A in this regard Concawe , a non-profit scientific organization founded in 1963 and dedicated to the European oil refining industry, has hypothesized some scenarios for the use of future e-Fuel . While on the one hand we hope for large-scale adoption also for the cars we drive every day, Concawe estimates a more likely adoption of e-Fuel in the heavy vehicle sector (transportation and machinery), marine transport and aviation . For the four-wheeler sector, considering the costs and quantities available, it is more probable that adoption will remain relegated to the motorsport sector, as suggested on several occasions.

While previous rumors suggest a probable adoption by of the single - seater of the Formula 1 Championship , further confirmations come from the WEC World Championship and the 24 Hours of Le Mans . According to reports, TotalEnergies would be working to develop a compatible fuel to be used from next year. Known under the name of “ Excellium Racing 100 ”, TotalEnergies fuel is produced based on bioethanol obtained from wine residues from the French agricultural industry and from ETBE (an organic compound deriving from ethyl and isobutyl alcohols). Since 2018, TotalEnergies has been the partner and official fuel supplier of the Automobile Club de l'Ouest (A.C.O.), creator and organizer of the 24 Hours of Le Mans, and the introduction of the new e-Fuel could allow for an immediate reduction of at least 65% of CO2 emissions in racing cars.

The plant in Chile

In collaboration with Porsche and other brands, Siemens Energy has decided to launch a pilot project for the construction of the first integrated plant in the world for the large-scale production of climate-neutral synthetic fuels. As pre-announced in 2021, on the occasion of the installation of the system, Porsche confirms that it has started production of the first 130 thousand liters of e-Fuel perfectly in line with the schedules; envisaged a subsequent expansion in two phases; the first of 55 million liters by 2024 and, the second, of 550 million liters by 2027 (previously 2026). Liters that, according to the latest rumors, the Zuffenhausen-based company allegedly bought to carry out development tests on its cars.

Chile has set itself ambitious goals as part of its national energy strategy: the target is to produce green hydrogen ( generated from renewable sources) cheapest in the world and transform the country into a major exporter, including synthetic fuels. The project takes advantage of the area's high winds, a perfect element for generating low-cost wind energy.

Recently, the German brand announced a further investment of 75 million dollars in HIF Global LLC, a holding of developers designing synthetic fuel production plants internationally. The German automaker, in return, gets a long-term stake. The company, based in Santiago de Chile, is also working to build the pilot plant that will go into operation in the middle of this year. In addition to Porsche, the funds EIG Global Energy Partners and Baker Hughes, as well as Andes Mining & Energy of Chile and Gemstone Investments also took part in the financing round. The new capital injection will be used to build e-Fuel industrial plants in Chile, the United States and Australia; places, which have a large amount of renewable energy available.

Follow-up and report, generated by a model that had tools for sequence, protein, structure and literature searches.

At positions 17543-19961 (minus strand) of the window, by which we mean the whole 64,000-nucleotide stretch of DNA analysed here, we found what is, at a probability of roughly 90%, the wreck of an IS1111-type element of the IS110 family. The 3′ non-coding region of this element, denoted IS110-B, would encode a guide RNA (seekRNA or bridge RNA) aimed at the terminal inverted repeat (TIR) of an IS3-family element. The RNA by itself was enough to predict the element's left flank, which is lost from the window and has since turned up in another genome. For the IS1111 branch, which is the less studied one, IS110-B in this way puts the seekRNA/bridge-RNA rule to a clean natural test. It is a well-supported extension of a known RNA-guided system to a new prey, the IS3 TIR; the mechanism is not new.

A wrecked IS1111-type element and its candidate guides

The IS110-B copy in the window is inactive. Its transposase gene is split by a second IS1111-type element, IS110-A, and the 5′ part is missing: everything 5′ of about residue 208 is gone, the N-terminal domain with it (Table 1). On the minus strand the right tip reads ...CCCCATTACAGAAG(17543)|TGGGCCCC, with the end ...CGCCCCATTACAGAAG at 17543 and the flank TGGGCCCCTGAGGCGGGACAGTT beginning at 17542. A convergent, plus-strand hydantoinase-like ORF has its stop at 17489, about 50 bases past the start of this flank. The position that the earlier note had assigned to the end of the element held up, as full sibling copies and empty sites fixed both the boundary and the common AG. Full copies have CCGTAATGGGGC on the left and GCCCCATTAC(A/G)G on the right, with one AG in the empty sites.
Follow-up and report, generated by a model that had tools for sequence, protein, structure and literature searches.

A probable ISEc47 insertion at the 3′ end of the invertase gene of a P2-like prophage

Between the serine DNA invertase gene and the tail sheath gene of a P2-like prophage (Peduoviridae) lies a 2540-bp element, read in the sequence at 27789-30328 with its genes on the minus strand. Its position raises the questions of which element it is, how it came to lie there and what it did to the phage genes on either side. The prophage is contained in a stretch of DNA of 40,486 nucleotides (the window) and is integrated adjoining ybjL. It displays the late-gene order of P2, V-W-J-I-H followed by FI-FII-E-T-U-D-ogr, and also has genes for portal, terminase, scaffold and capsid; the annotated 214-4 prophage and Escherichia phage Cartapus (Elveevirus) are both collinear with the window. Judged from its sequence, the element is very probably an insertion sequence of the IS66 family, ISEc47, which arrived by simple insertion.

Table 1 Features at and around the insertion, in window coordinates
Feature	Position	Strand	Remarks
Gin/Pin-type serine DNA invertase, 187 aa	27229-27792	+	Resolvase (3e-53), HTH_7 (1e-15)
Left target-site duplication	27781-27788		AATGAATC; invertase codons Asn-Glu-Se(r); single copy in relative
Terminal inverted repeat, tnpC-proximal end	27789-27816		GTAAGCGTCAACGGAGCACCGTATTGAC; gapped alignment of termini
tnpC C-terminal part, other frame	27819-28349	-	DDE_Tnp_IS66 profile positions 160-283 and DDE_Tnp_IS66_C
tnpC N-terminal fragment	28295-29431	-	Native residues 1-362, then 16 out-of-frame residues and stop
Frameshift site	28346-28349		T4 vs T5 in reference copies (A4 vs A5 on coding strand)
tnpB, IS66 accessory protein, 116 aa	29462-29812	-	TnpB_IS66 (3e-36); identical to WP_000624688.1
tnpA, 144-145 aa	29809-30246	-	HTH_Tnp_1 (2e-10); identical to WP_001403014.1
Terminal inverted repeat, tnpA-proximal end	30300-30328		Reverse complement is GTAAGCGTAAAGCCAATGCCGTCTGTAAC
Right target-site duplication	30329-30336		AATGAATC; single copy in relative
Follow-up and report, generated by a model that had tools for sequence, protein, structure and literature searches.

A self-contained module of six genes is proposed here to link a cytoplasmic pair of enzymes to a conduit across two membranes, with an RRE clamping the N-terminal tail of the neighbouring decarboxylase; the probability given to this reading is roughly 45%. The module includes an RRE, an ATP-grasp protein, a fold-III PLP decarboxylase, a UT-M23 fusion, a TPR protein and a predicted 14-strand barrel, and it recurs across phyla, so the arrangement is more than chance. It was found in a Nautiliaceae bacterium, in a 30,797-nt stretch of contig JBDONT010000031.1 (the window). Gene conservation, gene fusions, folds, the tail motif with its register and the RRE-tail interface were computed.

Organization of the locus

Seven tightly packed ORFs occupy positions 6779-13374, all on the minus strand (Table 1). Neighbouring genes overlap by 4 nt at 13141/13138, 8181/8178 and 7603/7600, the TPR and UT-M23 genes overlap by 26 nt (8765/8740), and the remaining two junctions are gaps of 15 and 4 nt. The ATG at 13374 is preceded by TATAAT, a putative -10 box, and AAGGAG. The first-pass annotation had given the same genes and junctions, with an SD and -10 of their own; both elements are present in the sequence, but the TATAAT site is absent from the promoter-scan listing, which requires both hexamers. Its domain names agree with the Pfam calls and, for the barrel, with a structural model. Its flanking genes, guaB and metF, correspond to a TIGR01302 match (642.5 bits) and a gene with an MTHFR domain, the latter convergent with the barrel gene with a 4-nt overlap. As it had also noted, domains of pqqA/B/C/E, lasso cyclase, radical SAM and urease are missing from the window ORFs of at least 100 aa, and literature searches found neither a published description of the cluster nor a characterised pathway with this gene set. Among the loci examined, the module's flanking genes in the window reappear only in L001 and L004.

Not only abroad

Even the very Italian Eni is working to develop new sustainable fuels based on hydrogenated vegetable oils , capable of reducing emissions between 60 and 80% in the combustion phases. Eni therefore confirms its intention to make the refining sector less polluting from an environmental point of view. Little information is available at the moment, no details regarding the production have been shared.

First exams

Transport&Environment, an organization based in Brussels that has been promoting the sustainability of the European transport sector, has recently classified e-Fuel as expensive and polluting fuels, placing itself, in fact, in full collision with the car manufacturers that have embraced the e-Fuel alliance. According to the T&E report, the use of synthetic fuels would not produce an improvement in the air quality of urban centres; the tests carried out, in fact, have highlighted emission levels of nitrogen oxides (NOx) very similar to those found on cars powered by fossil fuels. In addition, tests have shown that engines powered by virtuoso e-Fuel produce more carbon monoxide and ammonia than their E10 standard petrol counterparts. In particular, comparing the emissions of a petrol-powered car with three different blends of e-Fuel, the amount of carbon monoxide would be three times higher. The data on ammonia emissions is also subdued, an element which, when combined with other compounds present in the air, forms the dangerous PM2.5.

Porsche and future models

Questions about it now are different: will the German manufacturer, already engaged for some time with the electric transition, continue to produce pure endothermics? Will he step back or continue towards neutrality? Porsche, at the moment, can rely on as many as six models (one already fully electric). The Macan and Cayenne SUVs already offer hybrid versions, and the Panamera super sedan is in a completely similar position. Little information for sports cars even if, from previous rumors, we know that the first to undergo a transformation will be the more compact Cayman and only later will it also be the turn of the more famous Carrera 911.

Considering the announced compatibility between E85 petrol and e-Fuel, we believe that Porsche may decide to keep the hybrid Carrera 911 for an extended period (expected for 2024) and delay the mandatory transformation into electric.